The Story Of The Maserati 3200GT

Ferrari and Maserati co-operating at last!

large image of Maserati 3200GT

Throughout most of Maserati's existence Ferrari had been a major competitor. However by 1998 Maserati had been swallowed by Chrysler, Ferrari had been taken over by Fiat, and then Fiat bought out Chrysler. By 1997 Fiat sold 50% of Maserati to Ferrari, which was itself owned by Fiat (are you still with me? Because I'm not sure I am) followed by the other 50% in 1999. Anyway the two arch rivals found themselves on the same side for the first time with Maserati now the luxury arm of Ferrari.

The first product that they really co-operated together on was the 3200GT and with the track records that both of these magnificent companies had you would have thought they would have got it right. They did.

Top designer Giorgetto Giugiaro had already created the Ghibli, Bora and Merak so it was hardly surprising that he was invited to style this elegant, four seater coupe, which was launched at the 1998 Paris Motor Show.

It was initially intended to be called The Mistral, the name of yet another wind, this time from France, which had already been used for an earlier Maserati, but thanks to a succession of takeovers as complicated as the one described above the name by then was owned by Volkswagen so 3200 GT it had to be.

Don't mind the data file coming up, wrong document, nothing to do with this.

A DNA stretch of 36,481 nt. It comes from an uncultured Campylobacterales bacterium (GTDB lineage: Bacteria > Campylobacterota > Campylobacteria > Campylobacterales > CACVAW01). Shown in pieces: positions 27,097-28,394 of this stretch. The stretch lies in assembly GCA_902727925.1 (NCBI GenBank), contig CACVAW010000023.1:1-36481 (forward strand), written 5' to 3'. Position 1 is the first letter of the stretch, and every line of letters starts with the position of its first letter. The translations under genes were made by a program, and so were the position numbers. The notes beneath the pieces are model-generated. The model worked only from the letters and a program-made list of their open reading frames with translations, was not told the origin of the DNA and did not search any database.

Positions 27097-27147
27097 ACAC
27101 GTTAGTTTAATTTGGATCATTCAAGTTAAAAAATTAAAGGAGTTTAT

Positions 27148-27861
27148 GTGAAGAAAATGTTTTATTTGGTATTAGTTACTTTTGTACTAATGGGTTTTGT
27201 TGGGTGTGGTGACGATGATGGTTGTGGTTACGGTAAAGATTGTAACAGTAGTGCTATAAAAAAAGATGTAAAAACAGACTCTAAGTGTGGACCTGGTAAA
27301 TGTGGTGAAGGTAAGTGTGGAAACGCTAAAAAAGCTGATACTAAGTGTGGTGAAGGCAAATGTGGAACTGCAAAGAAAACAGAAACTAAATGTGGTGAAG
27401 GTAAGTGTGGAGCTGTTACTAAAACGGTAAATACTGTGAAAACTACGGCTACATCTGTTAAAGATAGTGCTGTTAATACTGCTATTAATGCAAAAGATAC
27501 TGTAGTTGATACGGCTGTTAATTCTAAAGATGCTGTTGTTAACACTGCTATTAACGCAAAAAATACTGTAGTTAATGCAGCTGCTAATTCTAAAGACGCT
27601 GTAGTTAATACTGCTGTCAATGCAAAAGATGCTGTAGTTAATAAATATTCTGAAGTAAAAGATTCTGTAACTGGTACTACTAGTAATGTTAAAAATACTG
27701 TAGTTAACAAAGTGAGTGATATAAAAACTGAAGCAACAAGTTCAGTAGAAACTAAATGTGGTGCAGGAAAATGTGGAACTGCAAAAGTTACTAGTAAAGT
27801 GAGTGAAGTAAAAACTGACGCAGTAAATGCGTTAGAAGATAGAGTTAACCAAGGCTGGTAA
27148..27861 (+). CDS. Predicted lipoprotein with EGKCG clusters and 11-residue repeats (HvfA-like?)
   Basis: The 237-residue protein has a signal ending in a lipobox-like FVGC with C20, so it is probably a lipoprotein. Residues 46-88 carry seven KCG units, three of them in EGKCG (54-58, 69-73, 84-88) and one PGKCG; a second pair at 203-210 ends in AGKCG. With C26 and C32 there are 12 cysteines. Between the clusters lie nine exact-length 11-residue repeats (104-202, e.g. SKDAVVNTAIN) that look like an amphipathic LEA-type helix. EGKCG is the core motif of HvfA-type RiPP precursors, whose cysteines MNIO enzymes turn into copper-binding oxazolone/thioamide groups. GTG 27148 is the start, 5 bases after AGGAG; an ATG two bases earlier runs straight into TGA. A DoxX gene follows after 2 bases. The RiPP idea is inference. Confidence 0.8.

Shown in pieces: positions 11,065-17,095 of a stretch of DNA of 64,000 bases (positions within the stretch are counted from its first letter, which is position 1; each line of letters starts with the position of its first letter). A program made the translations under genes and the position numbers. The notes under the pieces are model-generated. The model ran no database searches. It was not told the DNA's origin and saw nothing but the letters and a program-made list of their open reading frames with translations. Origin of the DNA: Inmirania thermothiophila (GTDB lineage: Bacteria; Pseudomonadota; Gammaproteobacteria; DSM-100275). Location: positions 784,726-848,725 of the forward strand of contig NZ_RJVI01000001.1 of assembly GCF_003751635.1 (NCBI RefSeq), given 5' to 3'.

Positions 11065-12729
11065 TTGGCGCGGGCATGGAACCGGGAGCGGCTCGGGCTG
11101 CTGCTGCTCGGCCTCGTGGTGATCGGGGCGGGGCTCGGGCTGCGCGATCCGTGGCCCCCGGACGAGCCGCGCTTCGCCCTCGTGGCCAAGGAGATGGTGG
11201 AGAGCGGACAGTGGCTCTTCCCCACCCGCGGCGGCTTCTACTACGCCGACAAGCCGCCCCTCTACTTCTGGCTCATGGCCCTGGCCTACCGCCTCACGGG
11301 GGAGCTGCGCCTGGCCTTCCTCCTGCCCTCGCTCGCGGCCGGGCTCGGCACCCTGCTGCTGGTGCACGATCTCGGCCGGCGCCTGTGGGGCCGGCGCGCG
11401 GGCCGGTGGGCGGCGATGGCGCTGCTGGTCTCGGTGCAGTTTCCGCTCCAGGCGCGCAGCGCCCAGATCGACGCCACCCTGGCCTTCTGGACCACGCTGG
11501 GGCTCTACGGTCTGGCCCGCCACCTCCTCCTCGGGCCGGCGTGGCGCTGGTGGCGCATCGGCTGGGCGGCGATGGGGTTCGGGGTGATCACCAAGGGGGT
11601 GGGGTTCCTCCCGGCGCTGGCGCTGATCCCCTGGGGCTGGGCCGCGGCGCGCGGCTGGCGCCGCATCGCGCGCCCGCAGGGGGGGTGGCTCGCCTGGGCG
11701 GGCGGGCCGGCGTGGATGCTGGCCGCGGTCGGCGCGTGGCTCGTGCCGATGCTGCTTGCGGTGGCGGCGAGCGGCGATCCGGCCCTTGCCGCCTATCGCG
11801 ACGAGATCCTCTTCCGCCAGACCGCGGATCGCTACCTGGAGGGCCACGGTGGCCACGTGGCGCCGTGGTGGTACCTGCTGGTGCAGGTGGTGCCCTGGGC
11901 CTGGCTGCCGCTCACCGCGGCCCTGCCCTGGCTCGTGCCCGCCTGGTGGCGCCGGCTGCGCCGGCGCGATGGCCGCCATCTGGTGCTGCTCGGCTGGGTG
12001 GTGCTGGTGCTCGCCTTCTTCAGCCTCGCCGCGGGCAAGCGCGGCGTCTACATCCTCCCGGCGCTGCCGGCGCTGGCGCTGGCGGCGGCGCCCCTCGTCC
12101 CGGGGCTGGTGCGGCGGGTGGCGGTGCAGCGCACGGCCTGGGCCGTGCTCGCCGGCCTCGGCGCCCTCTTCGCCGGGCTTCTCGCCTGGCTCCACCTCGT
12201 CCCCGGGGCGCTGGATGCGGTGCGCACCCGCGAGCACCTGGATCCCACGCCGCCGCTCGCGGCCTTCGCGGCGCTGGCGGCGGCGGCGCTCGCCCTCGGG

The car was a two-door 2+2 coupe aimed at the European market – they had to since their boomerang shaped rear light assemblies didn't meet American standards – and it was powered by a twin turbocharged 3.2 litre V8 engine with 32 valves and dual overhead cams. This produced 370 brake horse power giving a top speed of 174 mph and nought to 60 in a whisper under five seconds. Like every turbo car the sudden power boost could come as a shock and drivers had to keep their wits about them.

Transmission was via either a six speed manual gearbox or a four-speed automatic one; many seasoned drivers still found the automatic box easier to use, bearing in mind the awesome power that this car generated!

Between 1998 and 2002 nearly 4800 of these cars were produced and this has helped to keep prices reasonably low despite a demand for second-hand ones. However what may seem a bargain can turn out to be anything but. These engines are complex to work on and the electrical system can be a nightmare if it goes wrong so although a good one can be a real steal a bad one can turn into a horror story.